Camille Pissarro / The Road to Versailles, Louveciennes: Morning Frost / 1871Camille Pissarro
The Road to Versailles, Louveciennes: Morning Frost

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Creator Name: Pissarro, Camille
Creator Dates/Places: French, 1830 - 1903
Creator Name-CRT: Camille Pissarro
Title: The Road to Versailles, Louveciennes: Morning Frost
View: Full View
Creation Start Date: 1871
Creation End Date: 1871
Creation Date: 1871
Object Type: Paintings
Materials and Techniques: oil on canvas
Dimensions: Overall: 12 7/8 x 18 1/8 in. (32.7 x 46.04 cm.) Framed dimensions: 22 x 27 1/4 x 3 in. (55.88 x 69.21 x 7.62 cm.)
AMICA Contributor: Dallas Museum of Art
Owner Location: Dallas, Texas, USA
ID Number: 1985.R.42
Credit Line: Dallas Museum of Art, The Wendy and Emery Reves Collection
Context: No artist from the south of France had a more profound effect on the art of Vincent van Gogh than did Adolphe Monticelli. Van Gogh's correspondence is filled with admiring references to the great painter of Marseilles, whose wildly colorful and painterly works of art the young Dutchman used as an exemplar of "southern" painting. Van Gogh's admiration of Monticelli's work was shared by many late 19th - and early 20th - century collectors, and because the demand exceeded the supply, a good many works attributed to Monticelli in collections throughout the world are known forgeries.Surely not a forgery, the Reves panel is one of only seventeen known still-life paintings by the prolific artist. It was among twenty-six major paintings by Monticelli from the famous collection of the Marseilles businessman François Honnorat. Honnorat loaned it to many early exhibitions, and it appeared in the most important Monticelli exhibition, which was held in 1908 at the Salon d'Automne in Paris.When looking at this sensuous still life, one can see just why van Gogh respected Monticelli. Rather than choose polite or refined forms like those preferred by most still-life painters, Monticelli went to the Marseilles fish market and purchased fresh sardines and a basket of spiny sea urchins. He arranged these on a white tablecloth with a squat ceramic pitcher and other kitchen objects. He then loaded up his palette with paint, took up a variety of large brushes, and described the slimy still life with paint so succulent and juicy that it still looks wet more than a century later.Although Monticellis' aesthetic was rooted in the practice of mid-century painters, who saw color as emerging from a deep brown "ébauche" (under-painting), his sheer love of paint itself and his variable and expressionist brushstrokes had few proponents in his own generation. Indeed, it took an artist with van Gogh's artistic sensibilities to appreciate Monticelli. As if in homage to the master from Marseilles, van Gogh painted several still lifes with sardines while he stayed in Arles a little less than two years after Monticelli's death in 1886."Impressionist Paintings Drawings and Sculpture from the Wendy and Emery Reves Collection," page 59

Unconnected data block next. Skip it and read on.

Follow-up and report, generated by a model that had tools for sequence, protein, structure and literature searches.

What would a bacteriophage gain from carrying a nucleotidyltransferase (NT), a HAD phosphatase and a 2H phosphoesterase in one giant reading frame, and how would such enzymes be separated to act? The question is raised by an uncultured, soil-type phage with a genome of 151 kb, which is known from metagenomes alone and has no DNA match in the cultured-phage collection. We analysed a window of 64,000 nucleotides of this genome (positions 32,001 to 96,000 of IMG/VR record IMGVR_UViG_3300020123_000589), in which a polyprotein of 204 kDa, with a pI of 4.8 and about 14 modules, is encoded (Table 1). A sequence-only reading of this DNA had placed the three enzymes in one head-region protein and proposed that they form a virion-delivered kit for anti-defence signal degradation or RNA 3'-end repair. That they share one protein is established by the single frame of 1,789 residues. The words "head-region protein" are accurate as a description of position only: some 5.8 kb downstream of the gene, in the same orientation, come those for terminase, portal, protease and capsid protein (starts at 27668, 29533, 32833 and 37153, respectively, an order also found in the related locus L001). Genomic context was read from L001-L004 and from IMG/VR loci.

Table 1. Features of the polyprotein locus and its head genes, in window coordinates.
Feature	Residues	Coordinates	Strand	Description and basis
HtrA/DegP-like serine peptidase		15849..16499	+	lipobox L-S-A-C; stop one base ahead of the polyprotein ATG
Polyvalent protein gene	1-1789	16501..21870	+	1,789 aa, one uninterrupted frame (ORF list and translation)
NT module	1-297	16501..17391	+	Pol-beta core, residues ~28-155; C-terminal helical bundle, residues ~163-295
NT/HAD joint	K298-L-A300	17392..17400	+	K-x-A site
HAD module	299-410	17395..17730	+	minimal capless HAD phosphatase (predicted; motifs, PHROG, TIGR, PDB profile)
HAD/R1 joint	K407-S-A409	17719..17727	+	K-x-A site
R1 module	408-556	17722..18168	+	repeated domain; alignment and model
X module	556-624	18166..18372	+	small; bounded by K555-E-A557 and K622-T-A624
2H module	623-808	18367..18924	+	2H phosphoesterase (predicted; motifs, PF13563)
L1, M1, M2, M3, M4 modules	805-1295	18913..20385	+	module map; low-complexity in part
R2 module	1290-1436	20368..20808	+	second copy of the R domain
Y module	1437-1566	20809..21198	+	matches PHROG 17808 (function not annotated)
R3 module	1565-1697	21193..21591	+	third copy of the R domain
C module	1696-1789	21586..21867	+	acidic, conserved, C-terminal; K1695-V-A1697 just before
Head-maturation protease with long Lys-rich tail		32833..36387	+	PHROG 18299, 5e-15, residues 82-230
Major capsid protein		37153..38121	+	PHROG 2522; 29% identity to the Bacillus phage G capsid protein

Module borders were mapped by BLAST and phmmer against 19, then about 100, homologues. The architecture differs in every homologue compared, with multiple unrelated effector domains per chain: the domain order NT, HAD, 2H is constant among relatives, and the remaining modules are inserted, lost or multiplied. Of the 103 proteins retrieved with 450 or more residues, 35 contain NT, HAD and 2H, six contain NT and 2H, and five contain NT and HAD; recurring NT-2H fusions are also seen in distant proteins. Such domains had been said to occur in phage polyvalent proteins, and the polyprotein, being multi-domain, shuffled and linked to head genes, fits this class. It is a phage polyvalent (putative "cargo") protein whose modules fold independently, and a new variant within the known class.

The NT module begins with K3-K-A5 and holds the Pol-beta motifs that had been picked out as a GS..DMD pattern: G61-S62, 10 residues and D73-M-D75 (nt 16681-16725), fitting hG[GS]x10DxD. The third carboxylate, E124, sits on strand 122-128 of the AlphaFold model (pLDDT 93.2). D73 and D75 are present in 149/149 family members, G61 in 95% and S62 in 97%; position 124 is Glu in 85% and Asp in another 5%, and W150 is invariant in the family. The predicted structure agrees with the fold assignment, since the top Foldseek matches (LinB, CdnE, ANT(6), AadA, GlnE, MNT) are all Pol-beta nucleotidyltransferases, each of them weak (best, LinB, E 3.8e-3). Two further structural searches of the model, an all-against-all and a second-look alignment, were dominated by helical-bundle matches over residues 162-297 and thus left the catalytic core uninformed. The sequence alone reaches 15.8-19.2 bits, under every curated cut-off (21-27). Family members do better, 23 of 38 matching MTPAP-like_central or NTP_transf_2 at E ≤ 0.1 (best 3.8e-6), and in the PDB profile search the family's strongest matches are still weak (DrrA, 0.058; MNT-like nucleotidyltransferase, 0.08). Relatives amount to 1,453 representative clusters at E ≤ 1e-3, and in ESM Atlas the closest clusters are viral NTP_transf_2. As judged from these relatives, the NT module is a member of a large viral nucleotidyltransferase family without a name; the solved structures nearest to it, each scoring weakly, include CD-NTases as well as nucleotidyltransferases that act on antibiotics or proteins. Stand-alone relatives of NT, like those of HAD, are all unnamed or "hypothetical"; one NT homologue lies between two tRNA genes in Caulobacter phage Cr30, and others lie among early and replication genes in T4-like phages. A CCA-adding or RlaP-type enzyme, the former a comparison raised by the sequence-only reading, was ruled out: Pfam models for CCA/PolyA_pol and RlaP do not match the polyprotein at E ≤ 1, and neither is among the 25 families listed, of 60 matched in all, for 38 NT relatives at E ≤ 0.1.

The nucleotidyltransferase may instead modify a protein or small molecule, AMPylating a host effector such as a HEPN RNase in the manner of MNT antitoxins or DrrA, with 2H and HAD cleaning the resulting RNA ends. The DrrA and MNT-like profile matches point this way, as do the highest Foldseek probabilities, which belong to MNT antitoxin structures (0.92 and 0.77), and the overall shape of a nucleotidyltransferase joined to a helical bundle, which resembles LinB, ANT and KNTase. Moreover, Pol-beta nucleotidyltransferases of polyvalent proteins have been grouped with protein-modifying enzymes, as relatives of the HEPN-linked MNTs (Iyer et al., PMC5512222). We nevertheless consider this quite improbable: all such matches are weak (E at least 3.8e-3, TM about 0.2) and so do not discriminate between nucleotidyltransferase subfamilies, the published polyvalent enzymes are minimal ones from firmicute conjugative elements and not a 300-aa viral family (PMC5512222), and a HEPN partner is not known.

AMICA ID: DMA_.1985.R.42
AMICA Library Year: 2003
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